What makes Kareem Abdul-Jabbar an icon? Was it the six NBA championships and MVP awards? The Skyhook? His membership with iconic pro and college squads or guest roles in movies like the Zucker Brothers’ zany Airplane and Bruce Lee’s Game of Death?
The answer is, of course, all of those things contribute to one of the most decorated and revered Hall of Fame careers in American sports history. Yet there’s more to his legacy than even all of that, and there’s a very good reason why, close to 30 years after retiring from basketball, he’s just as relevant as ever: Abdul-Jabbar is a role model for today’s generation of activist athletes from his old league’s biggest stars giving a Black Lives Matter speech in front of millions to Colin Kaepernick’s national anthem protest.
Now, with his 12th book, Coach Wooden And Me: Our 50-Year Friendship On and Off the Court, Abdul-Jabbar gives a glimpse into his personal growth and evolution, juxtaposed with the story of his personal relationship with his coach, UCLA legend John Wooden. He also writes of the many racial incidents he has dealt throughout his life and basketball career, and how the New York Times bestselling author sees a direct link between what he and other high-profile Black athletes like boxing legend Muhammad Ali went through in the Sixties and Seventies and Kaepernick’s current situation.
Abdul-Jabbar believes Kaepernick is being ostracized for his beliefs. He thinks that the free agent quarterback, called “the greatest political lightning rod in sports,” who some believe is being blackballed for his political outspokenness, is dealing with the same thing Ali dealt with when he said he wouldn’t go off to fight in the Vietnam War.
Abdul-Jabbar should know. Unfortunately, he has seen it all before.
“I started paying attention to what was going on in the Civil Rights Movement when I was in grade school. Before I got out of high school, I got the opportunity to see what Jim Crow racism was all about,” Abdul-Jabbar tells Rolling Stone. “Black Americans who had aspirations of a better life wanted to see some change. I was one of those people.”
That’s what makes Coach Wooden And Me such an interesting read. Abdul-Jabbar’s book isn’t just about a player who butts heads with his coach and later realizes that the coach was trying to help him become a better man type tale. It’s a story about two individuals who learned a lot about life from each other. Abdul-Jabbar was a Black kid from New York City who tried to find his way in a world with increased activism, while Wooden, a white man from rural Indiana, wanted to insulate his players from the world outside of Westwood, California. Wooden wanted Abdul-Jabbar and his teammates to focus on basketball and becoming better American citizens.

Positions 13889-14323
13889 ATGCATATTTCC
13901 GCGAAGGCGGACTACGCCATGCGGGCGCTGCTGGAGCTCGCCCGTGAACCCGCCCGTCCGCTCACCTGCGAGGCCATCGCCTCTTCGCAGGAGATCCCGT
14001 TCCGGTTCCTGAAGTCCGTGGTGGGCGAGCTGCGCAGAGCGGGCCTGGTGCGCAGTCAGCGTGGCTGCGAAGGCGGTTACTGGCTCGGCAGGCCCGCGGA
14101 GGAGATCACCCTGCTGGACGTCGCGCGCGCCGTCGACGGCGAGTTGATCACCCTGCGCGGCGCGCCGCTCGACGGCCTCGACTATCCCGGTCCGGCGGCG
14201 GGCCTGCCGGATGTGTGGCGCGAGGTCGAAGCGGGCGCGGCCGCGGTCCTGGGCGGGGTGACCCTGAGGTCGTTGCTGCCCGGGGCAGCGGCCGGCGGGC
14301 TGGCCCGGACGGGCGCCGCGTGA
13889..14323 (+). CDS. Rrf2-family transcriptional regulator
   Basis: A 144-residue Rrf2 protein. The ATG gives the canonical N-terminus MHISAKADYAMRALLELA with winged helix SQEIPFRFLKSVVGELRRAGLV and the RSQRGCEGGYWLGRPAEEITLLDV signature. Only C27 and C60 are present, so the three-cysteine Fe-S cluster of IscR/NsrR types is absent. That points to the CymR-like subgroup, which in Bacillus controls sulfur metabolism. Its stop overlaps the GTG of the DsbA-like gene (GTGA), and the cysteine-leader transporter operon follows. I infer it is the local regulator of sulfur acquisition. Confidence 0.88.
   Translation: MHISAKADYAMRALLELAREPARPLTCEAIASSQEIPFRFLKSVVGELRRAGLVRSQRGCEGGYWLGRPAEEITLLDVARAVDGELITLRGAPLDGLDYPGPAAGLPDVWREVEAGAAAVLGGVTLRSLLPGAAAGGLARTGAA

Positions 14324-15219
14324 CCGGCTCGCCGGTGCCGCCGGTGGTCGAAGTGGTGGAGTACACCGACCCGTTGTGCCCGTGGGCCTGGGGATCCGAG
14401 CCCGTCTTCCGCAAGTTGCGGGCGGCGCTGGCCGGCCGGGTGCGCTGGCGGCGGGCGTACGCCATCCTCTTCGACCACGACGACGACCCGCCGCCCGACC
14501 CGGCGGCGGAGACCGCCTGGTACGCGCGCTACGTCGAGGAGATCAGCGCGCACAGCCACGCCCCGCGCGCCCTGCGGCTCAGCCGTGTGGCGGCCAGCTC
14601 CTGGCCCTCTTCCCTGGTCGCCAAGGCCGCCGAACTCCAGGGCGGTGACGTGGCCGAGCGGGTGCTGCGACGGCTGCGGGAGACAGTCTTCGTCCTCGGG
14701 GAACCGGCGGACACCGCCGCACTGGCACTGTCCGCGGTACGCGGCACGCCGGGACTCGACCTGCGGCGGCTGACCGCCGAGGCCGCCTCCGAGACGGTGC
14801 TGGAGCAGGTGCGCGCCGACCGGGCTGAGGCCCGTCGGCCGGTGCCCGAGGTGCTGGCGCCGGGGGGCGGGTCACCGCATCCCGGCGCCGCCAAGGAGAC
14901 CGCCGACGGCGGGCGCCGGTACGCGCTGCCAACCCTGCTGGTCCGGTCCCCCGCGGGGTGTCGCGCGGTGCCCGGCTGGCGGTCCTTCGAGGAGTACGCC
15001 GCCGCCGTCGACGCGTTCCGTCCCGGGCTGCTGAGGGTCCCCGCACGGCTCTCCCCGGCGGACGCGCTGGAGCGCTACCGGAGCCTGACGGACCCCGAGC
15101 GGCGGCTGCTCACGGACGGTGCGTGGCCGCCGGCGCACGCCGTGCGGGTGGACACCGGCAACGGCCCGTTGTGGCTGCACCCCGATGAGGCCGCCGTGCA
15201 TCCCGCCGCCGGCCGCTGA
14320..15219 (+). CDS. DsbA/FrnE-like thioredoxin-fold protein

Meanwhile, Abdul-Jabbar had other plans in terms of juggling basketball and fighting injustice.
“If you’re going to wait for a convenient time to do the social activism, you won’t get anything done because these issues have a life of their own and you have to deal with them. You can’t wait until it’s convenient,” Abdul-Jabbar says. “It was very interesting to hear [Congressman] John Lewis talk about these things. Things he went through when he was a civil rights activists being beaten up and he still come out with a positive attitude. He said unless you put your life on the line, you’re not fully committed. This is worth risking your life for and you might possibly die. You have to make a commitment.”
Abdul-Jabbar, who was the best player one of college basketball’s most famous dynasties, believes Wooden initially had a hard time understanding that the world was changing around him. “Civil rights marches continued. Anti-war protests had begun. Women demanded rights most people didn’t realize they had been denied. Rebellion was in the air. Nothing could stop it, even a well-meaning coach,” Abdul-Jabbar writes in the book.
The two had their differences, yet through it all, the legendary UCLA Bruin and Los Angeles Laker stayed in touch Wooden until his death in 2010. It might not be a feel-good story about a player and coach realizing they’re not so different in the end, but Abdul-Jabbar does show that we can learn from just about anybody even if we have our differences. It’s a message that almost seems antiquated in 2017.
“Even though I was close with my dad, I developed a close relationship with Coach Wooden. It took on different dimensions until the day he passed away,” Abdul-Jabbar says.
He also implemented Coach Wooden’s “Pyramid of Success” beyond the basketball court.
“It definitely stuck with me. Coach Wooden used basketball as a metaphor for life. The things we learned from the game were implemented in our lives. It helped us become better teammates,” Abdul-Jabbar says. “These are things that helped us become better teammates. We’re better fathers and husbands for it. And better citizens. I think that’s what Coach Wooden was about. He influenced the young men he coached to become better people.”